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Second Look

An $18 million incubator grant was awarded in March to researchers led by Lynda Chin at the Institute for Applied Cancer Sciences at the MD Anderson Cancer Center, and, at the beginning of May, Nobel laureate and CEO of the Cancer Prevention and Research Institute of Texas Alfred Gilman resigned, referencing problems with the institute's peer-review system, reports the Nature News Blog. The incubator grant, the aim of which is to create infrastructure to help develop cancer drugs, was approved without scientific review. Nature notes that Chin is married to Ronald DePinho, the president of MD Anderson, though she does not report to him.

CPRIT is re-reviewing the grant, and DePinho and Chin tell the Nature News Blog that nothing untoward occurred. "But the reality is: we applied for an RFA, we worked with people who encouraged us to do this," DePinho says. "It was reviewed and it got funded. The process ... was done in a way that was totally consistent with CPRIT's guidelines."

Chin adds that "if there was controversy over how the incubator infrastructure grants should be approved, that should have been within CPRIT. Because the RFA specified how this business plan was going to be reviewed. We as a team could only go by what the RFA said."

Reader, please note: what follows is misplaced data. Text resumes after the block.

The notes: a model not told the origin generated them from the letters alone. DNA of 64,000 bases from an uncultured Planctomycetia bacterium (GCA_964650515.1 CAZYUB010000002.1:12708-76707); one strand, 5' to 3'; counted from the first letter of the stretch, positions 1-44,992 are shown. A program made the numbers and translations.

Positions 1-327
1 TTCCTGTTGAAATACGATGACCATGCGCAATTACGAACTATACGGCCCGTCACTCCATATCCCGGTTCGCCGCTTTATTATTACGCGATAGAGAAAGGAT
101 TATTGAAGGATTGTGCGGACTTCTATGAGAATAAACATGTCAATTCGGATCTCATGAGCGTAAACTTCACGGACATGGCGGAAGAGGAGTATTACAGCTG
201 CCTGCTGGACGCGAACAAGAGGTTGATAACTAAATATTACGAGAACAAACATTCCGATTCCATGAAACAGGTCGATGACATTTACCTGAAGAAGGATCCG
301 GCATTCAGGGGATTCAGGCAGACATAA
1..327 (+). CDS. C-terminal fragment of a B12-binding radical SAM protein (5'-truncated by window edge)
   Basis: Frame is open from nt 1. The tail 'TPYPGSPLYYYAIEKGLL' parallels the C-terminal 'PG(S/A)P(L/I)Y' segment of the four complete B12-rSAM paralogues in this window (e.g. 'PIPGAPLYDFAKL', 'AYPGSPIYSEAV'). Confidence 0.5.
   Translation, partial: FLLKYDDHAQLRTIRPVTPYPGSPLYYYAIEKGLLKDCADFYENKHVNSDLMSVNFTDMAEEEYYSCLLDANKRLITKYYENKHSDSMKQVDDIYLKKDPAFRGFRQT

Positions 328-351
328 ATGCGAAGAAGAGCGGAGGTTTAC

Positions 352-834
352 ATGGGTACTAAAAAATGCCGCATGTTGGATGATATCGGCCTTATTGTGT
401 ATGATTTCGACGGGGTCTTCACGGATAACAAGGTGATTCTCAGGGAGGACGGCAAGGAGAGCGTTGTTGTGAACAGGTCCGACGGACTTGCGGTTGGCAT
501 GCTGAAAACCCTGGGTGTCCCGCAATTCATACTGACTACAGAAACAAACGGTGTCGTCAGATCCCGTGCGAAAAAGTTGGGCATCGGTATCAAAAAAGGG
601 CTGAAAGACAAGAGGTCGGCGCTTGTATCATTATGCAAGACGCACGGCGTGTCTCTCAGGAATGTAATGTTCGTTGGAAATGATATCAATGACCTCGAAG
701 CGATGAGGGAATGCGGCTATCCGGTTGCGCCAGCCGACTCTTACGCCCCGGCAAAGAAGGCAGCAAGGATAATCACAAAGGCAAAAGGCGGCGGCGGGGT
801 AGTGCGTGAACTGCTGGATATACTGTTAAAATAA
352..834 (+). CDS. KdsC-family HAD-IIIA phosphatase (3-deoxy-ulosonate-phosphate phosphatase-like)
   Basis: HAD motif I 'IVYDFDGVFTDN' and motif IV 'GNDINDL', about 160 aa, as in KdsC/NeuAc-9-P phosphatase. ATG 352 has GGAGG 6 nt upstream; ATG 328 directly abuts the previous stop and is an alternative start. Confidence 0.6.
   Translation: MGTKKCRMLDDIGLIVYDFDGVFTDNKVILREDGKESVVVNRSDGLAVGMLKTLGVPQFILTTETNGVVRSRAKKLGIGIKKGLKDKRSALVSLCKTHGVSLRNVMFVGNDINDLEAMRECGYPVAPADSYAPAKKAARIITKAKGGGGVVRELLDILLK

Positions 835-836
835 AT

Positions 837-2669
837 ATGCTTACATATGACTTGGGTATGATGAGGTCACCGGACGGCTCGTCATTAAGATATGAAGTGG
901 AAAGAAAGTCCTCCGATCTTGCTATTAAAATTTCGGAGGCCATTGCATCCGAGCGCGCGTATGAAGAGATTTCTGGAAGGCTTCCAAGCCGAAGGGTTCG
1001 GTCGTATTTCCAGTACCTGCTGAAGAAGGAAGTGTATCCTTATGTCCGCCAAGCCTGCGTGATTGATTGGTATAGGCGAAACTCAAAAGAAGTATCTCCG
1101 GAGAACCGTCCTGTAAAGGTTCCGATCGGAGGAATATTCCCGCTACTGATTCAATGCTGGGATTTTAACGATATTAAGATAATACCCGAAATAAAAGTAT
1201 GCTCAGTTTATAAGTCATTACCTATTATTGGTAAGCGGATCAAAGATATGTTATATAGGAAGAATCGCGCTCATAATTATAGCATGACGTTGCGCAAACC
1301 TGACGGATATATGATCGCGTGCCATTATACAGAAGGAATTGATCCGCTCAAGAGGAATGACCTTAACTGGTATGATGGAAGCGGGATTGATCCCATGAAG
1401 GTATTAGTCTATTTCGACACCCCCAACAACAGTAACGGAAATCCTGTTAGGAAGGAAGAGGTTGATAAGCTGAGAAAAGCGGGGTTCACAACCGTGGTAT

The Scan

Germline-Targeting HIV Vaccine Shows Promise in Phase I Trial

A National Institutes of Health-led team reports in Science that a broadly neutralizing antibody HIV vaccine induced bnAb precursors in 97 percent of those given the vaccine.

Study Uncovers Genetic Mutation in Childhood Glaucoma

A study in the Journal of Clinical Investigation ties a heterozygous missense variant in thrombospondin 1 to childhood glaucoma.

Gene Co-Expression Database for Humans, Model Organisms Gets Update

GeneFriends has been updated to include gene and transcript co-expression networks based on RNA-seq data from 46,475 human and 34,322 mouse samples, a new paper in Nucleic Acids Research says.

New Study Investigates Genomics of Fanconi Anemia Repair Pathway in Cancer

A Rockefeller University team reports in Nature that FA repair deficiency leads to structural variants that can contribute to genomic instability.